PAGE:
STEM gets broader — and shallower

In a vain attempt to make STEM appealing to right-brained students, educators are ignoring and alienating the left-brained math and science guys, writes Katharine Beals in Out in Left Field.

Efforts to Inspire Students Have Born Little Fruit, reports the New York Times. The story cites President Obama’s Educate to Innovate initiative and the lack of improvement by U.S. students on the Program of International Student Assessment (PISA) tests.

Beals sees it differently.

. . . our schools, and our society more generally, are no longer encouraging and educating the kind of student who is most likely to persevere in STEM careers. These are the left-brained math and science types, more and more of whom face a dumbed-down, language-arts intensive Reform Math curriculum, and a science curriculum that increasingly emphasizes projects over the core knowledge and quantitative skills needed to succeed in college level science courses.

At the expense of encouraging this type of student, K12 schools are trying to broaden the appeal of math and science—by making them even less mathematical and scientific. And so we have algebra taught as dancefraction muralsphotosynthesis as dance, and science festivals featuring showy displays of gadgetry as well as theater, art, and music.

“The kind of student who finds these approaches engaging and enlightening” isn’t likely to persevere through a STEM major, she predicts. Those with the potential to be STEM specialists want to learn math and science.

At Auntie Ann’s school, the science fair used to require students to conduct an experiment. Now they can make a Rube Goldberg machine or a robot or research an environmental issue. “This year they’ve also connected it to an art exhibit to make it the full STEAM experience.”

It used to be the only time students did a research project and wrote a “serious paper,” she writes. Now students get full credit for writing 30 sentences. “The kids who did Rube Goldberg machines had nothing to write a paper about, so they had to write a biography of Rube Goldberg.”

Is your kid getting reform math?

Here’s how to tell if your kids are being taught reform math by Robert Craigen and Barry Garelick.

“In the past students were taught by rote; we teach understanding.” First, ‘rote’ literally means ‘repetition’ — and this is a good idea, not a bad one. Second, it is simply false that teaching was without understanding — by design, in any case — in the past. There have always been teachers who taught math poorly or neglected to include a conceptual context. 

. . . Under reform math, students are required to use inefficient procedures for several years before they are exposed to and allowed to use the standard method (or “algorithm”) — if they are at all. This is done in the belief that the alternative approaches confer understanding to the standard algorithm.  . . . But this out-loud articulation of “meaning” in every stage is the arithmetic equivalent of forcing a reader to keep a finger on the page, sounding out every word, every time, with no progression of reading skill. Alternatives become the main course instead of a side dish and students can become confused — often profoundly so.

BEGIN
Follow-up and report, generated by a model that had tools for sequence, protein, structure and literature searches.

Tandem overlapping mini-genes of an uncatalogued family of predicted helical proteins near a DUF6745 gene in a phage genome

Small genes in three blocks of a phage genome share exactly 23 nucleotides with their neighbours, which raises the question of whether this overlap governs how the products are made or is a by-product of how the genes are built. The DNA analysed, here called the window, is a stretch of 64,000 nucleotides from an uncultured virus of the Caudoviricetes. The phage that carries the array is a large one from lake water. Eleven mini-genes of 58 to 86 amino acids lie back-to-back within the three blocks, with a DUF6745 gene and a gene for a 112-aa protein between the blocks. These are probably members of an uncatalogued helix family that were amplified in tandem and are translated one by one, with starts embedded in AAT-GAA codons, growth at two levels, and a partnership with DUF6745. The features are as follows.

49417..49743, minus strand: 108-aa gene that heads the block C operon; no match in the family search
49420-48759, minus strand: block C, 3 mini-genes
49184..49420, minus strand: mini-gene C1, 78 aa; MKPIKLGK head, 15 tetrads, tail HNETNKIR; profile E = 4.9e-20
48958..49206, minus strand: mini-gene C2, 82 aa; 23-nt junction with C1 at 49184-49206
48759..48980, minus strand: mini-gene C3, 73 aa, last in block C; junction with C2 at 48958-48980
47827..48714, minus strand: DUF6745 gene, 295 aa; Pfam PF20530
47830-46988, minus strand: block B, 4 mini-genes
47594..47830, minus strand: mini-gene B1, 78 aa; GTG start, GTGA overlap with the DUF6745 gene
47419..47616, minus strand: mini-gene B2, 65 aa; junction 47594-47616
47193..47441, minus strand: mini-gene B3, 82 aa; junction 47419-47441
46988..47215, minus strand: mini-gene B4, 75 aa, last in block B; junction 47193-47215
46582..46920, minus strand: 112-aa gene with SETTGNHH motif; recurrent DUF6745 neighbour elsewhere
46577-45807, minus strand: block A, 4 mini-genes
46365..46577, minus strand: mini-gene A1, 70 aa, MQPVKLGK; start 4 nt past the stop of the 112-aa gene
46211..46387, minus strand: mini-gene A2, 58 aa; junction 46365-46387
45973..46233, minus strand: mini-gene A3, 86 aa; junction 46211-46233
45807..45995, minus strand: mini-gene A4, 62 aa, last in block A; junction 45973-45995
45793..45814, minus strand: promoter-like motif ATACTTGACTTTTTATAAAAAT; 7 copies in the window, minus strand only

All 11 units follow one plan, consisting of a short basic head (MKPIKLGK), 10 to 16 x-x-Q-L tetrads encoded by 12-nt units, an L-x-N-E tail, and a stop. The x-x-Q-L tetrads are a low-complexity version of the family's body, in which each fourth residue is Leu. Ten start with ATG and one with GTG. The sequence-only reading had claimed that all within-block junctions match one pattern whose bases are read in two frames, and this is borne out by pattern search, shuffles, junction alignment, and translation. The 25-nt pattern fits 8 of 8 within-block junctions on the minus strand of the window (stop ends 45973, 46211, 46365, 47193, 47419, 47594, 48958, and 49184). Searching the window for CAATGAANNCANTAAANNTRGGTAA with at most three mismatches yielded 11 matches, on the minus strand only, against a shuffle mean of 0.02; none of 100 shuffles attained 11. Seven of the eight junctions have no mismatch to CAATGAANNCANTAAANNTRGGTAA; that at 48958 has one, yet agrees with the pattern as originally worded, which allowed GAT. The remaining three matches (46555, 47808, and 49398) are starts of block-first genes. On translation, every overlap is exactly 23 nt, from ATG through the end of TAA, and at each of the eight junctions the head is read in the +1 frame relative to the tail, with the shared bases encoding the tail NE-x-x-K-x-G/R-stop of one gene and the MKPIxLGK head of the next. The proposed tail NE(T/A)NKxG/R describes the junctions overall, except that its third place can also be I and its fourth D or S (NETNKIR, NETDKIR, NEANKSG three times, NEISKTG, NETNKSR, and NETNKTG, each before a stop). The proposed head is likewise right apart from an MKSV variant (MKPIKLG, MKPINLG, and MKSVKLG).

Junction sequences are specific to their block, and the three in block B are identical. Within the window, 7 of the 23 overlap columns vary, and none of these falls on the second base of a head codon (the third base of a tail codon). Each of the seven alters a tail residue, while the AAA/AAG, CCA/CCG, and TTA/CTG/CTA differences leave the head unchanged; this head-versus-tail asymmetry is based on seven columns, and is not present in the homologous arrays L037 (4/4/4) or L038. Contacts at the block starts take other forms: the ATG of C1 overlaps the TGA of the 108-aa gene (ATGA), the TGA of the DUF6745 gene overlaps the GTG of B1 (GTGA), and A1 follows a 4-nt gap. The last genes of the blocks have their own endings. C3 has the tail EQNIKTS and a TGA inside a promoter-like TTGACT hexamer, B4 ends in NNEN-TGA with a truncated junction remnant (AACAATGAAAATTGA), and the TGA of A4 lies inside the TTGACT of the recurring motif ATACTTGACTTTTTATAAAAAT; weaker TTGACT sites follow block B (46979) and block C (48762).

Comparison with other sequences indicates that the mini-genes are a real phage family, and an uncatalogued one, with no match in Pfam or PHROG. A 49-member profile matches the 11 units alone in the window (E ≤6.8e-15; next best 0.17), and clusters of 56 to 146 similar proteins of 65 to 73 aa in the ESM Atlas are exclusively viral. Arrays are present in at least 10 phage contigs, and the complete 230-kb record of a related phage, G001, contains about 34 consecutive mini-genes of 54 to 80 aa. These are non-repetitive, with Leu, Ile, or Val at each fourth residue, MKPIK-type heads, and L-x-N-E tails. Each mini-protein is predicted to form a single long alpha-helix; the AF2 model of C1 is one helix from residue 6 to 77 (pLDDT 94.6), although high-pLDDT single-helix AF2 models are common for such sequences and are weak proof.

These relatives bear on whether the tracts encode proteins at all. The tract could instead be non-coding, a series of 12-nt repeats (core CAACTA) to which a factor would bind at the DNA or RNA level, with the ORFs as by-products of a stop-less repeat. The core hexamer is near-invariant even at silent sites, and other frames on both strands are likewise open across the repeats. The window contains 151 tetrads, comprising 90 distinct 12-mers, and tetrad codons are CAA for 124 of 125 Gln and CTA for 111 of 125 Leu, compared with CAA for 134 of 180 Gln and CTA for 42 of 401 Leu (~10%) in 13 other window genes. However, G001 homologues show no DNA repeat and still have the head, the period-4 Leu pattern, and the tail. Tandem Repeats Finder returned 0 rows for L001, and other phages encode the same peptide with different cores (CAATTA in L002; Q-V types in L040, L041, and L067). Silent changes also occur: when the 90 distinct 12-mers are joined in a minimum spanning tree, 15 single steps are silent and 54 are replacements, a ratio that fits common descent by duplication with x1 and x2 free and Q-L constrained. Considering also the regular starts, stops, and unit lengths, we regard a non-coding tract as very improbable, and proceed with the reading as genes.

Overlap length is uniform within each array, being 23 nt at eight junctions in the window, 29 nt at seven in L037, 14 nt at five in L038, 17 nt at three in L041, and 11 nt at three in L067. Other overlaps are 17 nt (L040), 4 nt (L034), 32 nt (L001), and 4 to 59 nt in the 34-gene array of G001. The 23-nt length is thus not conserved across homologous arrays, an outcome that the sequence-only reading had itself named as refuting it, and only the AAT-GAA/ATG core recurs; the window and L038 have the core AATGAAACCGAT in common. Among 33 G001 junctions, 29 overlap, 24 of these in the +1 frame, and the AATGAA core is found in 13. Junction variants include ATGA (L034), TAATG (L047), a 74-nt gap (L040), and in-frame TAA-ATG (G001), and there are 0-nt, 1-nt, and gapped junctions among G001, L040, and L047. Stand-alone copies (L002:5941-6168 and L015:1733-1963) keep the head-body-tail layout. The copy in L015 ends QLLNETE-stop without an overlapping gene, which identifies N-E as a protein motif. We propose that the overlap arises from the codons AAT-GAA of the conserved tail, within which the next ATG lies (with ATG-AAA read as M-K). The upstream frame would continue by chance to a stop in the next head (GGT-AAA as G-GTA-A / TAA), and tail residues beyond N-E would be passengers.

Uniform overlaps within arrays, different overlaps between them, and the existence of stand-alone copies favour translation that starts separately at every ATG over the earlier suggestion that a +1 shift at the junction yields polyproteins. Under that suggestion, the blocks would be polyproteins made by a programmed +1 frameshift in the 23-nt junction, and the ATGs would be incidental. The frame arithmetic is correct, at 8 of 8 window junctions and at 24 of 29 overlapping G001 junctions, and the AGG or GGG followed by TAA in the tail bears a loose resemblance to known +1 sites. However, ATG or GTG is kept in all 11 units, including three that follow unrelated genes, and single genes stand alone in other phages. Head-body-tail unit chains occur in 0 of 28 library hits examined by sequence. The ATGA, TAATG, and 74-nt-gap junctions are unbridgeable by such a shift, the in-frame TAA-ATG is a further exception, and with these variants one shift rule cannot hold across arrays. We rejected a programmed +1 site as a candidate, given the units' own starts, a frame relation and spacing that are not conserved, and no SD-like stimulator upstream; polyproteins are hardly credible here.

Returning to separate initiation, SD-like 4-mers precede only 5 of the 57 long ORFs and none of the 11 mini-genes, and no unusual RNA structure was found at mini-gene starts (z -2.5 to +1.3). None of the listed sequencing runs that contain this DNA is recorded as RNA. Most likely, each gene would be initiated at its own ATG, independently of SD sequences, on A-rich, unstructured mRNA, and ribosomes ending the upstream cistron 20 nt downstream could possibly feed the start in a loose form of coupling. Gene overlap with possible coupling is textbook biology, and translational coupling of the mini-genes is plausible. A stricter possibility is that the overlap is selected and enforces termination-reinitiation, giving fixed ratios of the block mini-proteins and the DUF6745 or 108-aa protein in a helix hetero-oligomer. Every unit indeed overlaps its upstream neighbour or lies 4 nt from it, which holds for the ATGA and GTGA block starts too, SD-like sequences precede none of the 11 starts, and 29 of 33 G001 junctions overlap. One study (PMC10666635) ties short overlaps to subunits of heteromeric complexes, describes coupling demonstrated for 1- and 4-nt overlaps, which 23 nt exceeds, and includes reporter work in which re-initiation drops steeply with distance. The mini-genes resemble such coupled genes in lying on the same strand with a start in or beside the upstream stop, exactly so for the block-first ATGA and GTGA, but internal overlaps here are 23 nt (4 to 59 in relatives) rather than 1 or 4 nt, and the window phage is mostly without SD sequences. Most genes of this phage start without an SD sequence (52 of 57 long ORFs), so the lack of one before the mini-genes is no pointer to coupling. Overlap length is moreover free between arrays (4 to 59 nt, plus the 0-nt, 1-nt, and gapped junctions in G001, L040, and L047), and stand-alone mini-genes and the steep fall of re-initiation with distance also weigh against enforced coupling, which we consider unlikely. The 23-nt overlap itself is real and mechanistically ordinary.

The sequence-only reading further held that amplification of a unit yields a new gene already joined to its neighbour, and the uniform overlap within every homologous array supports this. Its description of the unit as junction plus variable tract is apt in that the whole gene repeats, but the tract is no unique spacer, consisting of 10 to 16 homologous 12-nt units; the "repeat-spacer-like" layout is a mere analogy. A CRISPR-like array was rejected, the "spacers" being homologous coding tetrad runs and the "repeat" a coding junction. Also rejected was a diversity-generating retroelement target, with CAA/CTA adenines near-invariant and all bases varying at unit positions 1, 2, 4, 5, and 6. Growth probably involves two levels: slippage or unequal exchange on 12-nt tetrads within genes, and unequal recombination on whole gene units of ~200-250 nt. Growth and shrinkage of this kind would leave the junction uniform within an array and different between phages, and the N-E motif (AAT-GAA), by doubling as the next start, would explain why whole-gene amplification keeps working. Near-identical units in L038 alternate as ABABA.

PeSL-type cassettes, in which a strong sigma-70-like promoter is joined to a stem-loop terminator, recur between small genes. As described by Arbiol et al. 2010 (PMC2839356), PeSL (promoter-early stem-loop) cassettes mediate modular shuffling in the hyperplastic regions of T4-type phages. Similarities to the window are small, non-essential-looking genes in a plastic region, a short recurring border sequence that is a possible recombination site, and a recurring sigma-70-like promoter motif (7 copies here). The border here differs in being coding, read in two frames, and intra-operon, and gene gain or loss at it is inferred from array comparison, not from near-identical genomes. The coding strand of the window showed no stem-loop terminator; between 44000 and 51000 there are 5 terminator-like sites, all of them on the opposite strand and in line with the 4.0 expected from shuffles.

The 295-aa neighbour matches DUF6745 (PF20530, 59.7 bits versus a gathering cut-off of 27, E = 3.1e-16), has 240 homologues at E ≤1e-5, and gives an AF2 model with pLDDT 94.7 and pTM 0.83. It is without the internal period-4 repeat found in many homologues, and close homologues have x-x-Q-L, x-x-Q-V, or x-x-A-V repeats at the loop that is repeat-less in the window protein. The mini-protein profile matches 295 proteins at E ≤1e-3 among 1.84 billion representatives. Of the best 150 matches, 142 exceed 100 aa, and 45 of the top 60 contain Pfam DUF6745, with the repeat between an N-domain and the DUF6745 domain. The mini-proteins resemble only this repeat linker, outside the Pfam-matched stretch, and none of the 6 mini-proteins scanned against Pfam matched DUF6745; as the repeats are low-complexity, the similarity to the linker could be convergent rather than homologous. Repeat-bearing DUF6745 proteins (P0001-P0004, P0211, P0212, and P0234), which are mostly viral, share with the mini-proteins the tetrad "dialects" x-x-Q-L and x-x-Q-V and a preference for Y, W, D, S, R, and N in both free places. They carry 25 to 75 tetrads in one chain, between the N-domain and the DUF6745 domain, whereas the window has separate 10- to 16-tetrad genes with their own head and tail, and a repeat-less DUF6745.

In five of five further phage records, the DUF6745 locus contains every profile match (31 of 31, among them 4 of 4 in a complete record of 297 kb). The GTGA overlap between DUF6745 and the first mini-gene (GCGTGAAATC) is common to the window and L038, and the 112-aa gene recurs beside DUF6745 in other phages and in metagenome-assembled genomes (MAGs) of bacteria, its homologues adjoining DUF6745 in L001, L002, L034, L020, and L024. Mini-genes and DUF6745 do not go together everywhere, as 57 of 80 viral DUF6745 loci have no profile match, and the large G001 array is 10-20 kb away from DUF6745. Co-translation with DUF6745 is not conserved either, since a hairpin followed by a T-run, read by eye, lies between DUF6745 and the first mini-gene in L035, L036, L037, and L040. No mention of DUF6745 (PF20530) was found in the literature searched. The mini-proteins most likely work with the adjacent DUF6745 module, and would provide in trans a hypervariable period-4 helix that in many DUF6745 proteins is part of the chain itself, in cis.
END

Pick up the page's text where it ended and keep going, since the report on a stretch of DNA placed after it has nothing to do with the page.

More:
If you hear references to “drill and kill,” “the guide on the side not the sage on the stage”  or “just-in-time learning,” it’s reform math, they write. Praise for ambiguity, flipping, group learning and “making students think like mathematicians” also are danger signs, they write.

“We use a balanced approach”  means “go away.”

Many educators are interpreting Common Core to mean fuzzy math, says Garelick in a Heartland interview.

From Parents Against Everyday Math:

Photo: Its like this.

Math needs a revolution too

Math Needs a Revolution, Too, writes Barry Garelick in response to The Atlantic story, The Writing Revolution. He first encountered reform math when his daughter was in second grade.

. . . understanding takes precedence over procedure and process trumps content. In this world, memorization is looked down upon as “rote learning” and thus addition and subtraction facts are not drilled in the classroom–it’s something for students to learn at home. Inefficient methods for adding, subtracting, multiplying, and dividing are taught in the belief that such methods expose the conceptual underpinning of what is happening during these operations. The standard (and efficient) methods for these operations are delayed sometimes until 4th and 5th grades, when students are deemed ready to learn procedural fluency.

Students are expected to “think like mathematicians” before acquiring the analytic tools necessary to do so, Garelick writes. Procedural skills are taught on a “just in time” basis.

Such a process may eliminate what the education establishment views as tedious “drill and kill” exercises, but it results in poor learning and lack of mastery. Students generally work in groups with teachers who “facilitate” rather than providing direct instruction.

As reform math has become the norm in K-6 classrooms, high school math teachers are trying to teach algebra to students who “do not know how to do simple mathematical procedures,” he writes.

In math, as in writing, learning the fundamentals may not be fun or engaging. It may require practice. But students who skip the basics rarely develop the ability to “think like mathematicians” or write like “authors.” They’re confused. And bored.